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House did annually vote them an acknowledgment of their zeal and strenuous efforts and compensation for the EXCESS of their zeal and expenses, above their due proportion."

A large continental force was at the reduction of Martinique, in 1762, and Spain having joined in the war, they helped largely in the capture of Havana for England. By sea, too, they were no less zealous. It is on record, that their own ships were stripped of sailors to man the navy of Great Britain, It was admitted, in debate, in the House of Commons, in 1775, that ten thousand American seamen were in the British naval service, in the war of 1756. Four hundred armed vessels issued from their ports against the commerce of France and Spain.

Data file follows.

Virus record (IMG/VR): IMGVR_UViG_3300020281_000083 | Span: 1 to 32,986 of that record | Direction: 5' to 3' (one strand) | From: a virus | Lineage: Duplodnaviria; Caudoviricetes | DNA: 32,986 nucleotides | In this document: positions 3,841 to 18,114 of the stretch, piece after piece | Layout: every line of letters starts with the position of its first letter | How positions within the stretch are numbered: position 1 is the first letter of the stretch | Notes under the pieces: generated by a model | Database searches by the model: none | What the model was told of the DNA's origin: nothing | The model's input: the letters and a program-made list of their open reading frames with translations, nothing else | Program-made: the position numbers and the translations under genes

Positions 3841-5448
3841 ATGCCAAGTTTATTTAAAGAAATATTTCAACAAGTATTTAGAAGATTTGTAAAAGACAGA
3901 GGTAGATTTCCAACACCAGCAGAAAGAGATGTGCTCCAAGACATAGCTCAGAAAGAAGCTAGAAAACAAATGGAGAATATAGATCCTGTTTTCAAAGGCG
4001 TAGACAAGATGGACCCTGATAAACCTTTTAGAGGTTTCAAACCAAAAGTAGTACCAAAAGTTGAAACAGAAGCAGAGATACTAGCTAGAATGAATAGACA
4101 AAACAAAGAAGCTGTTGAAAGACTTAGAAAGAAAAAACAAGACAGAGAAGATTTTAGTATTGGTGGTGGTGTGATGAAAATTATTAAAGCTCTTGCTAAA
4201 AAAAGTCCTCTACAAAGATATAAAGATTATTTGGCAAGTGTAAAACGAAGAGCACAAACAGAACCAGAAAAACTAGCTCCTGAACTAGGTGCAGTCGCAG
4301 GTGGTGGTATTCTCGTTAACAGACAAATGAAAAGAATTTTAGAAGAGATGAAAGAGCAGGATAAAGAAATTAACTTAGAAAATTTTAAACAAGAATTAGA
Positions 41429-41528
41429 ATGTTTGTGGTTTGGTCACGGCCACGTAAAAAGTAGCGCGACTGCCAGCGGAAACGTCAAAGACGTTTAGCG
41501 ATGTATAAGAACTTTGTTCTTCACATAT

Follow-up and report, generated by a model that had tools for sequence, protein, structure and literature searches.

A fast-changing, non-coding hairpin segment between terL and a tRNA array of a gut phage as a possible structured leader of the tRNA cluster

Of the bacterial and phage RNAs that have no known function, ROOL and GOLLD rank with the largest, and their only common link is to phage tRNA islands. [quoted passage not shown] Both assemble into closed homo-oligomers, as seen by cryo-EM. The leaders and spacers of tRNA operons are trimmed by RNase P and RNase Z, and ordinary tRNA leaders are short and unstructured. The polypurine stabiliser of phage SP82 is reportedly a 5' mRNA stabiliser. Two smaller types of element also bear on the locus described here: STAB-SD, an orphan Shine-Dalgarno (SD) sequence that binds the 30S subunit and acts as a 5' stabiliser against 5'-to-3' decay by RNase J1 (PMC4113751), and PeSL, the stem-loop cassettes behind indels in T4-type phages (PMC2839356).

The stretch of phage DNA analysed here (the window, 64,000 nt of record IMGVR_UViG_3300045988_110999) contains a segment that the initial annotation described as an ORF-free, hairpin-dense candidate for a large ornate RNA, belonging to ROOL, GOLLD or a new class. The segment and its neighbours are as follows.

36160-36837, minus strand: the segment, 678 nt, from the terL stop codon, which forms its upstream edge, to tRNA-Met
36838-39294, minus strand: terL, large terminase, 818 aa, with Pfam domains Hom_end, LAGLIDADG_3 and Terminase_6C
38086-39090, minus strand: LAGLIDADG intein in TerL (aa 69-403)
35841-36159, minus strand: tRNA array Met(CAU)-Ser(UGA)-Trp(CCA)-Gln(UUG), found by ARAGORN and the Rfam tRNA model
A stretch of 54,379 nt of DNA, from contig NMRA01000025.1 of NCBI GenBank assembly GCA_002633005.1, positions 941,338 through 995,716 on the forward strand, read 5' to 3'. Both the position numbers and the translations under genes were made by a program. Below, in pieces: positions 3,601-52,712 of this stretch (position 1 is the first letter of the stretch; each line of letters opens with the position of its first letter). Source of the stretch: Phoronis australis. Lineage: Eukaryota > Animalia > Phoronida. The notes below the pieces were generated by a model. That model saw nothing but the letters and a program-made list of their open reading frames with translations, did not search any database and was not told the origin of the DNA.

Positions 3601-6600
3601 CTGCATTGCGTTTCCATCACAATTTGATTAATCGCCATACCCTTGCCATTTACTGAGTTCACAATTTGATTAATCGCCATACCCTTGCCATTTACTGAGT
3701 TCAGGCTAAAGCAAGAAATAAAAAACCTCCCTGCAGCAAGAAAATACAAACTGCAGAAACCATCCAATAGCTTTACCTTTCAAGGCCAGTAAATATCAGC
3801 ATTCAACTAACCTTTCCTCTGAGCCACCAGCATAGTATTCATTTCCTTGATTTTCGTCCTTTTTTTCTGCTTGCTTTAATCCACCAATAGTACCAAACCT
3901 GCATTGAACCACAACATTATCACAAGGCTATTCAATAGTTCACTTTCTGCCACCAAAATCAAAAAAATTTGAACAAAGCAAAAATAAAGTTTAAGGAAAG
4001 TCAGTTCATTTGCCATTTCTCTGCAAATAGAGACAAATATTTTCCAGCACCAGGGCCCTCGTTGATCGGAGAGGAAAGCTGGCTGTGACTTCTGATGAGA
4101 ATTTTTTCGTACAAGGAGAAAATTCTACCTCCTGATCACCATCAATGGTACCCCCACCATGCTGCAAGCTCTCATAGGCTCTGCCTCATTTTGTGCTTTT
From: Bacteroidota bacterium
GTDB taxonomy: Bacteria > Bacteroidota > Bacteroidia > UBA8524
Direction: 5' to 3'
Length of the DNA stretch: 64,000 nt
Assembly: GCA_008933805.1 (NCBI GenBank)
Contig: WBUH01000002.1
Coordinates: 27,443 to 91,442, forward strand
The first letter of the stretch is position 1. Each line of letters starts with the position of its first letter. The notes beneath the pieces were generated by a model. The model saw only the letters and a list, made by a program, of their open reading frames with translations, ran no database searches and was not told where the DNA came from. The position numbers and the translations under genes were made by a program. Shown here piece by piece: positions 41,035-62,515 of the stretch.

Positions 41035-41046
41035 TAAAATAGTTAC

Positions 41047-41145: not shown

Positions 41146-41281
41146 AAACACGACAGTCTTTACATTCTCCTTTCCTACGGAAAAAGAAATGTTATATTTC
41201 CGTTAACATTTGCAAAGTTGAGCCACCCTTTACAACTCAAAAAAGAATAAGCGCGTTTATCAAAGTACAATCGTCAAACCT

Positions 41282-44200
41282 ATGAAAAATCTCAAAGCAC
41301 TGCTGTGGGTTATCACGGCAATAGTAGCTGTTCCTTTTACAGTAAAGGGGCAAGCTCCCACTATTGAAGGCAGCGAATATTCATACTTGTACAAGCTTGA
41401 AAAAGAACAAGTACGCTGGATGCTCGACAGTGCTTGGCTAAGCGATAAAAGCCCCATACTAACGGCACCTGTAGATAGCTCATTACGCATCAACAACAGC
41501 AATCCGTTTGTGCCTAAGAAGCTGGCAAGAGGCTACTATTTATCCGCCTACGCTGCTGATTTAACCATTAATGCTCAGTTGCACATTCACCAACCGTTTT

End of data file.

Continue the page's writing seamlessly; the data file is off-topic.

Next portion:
For these services and exertions, which are cited as evidence of their warm attachment of Great Britain, they received tardy thanks and slower remuneration. It is computed that they had a just claim upon the British government for £3,000,000 more than the sums voted as indemnity. They bore, in fact, the burden of the conflict, by which an immense territory was won for Great Britain, and a formidable rival finally discomfited.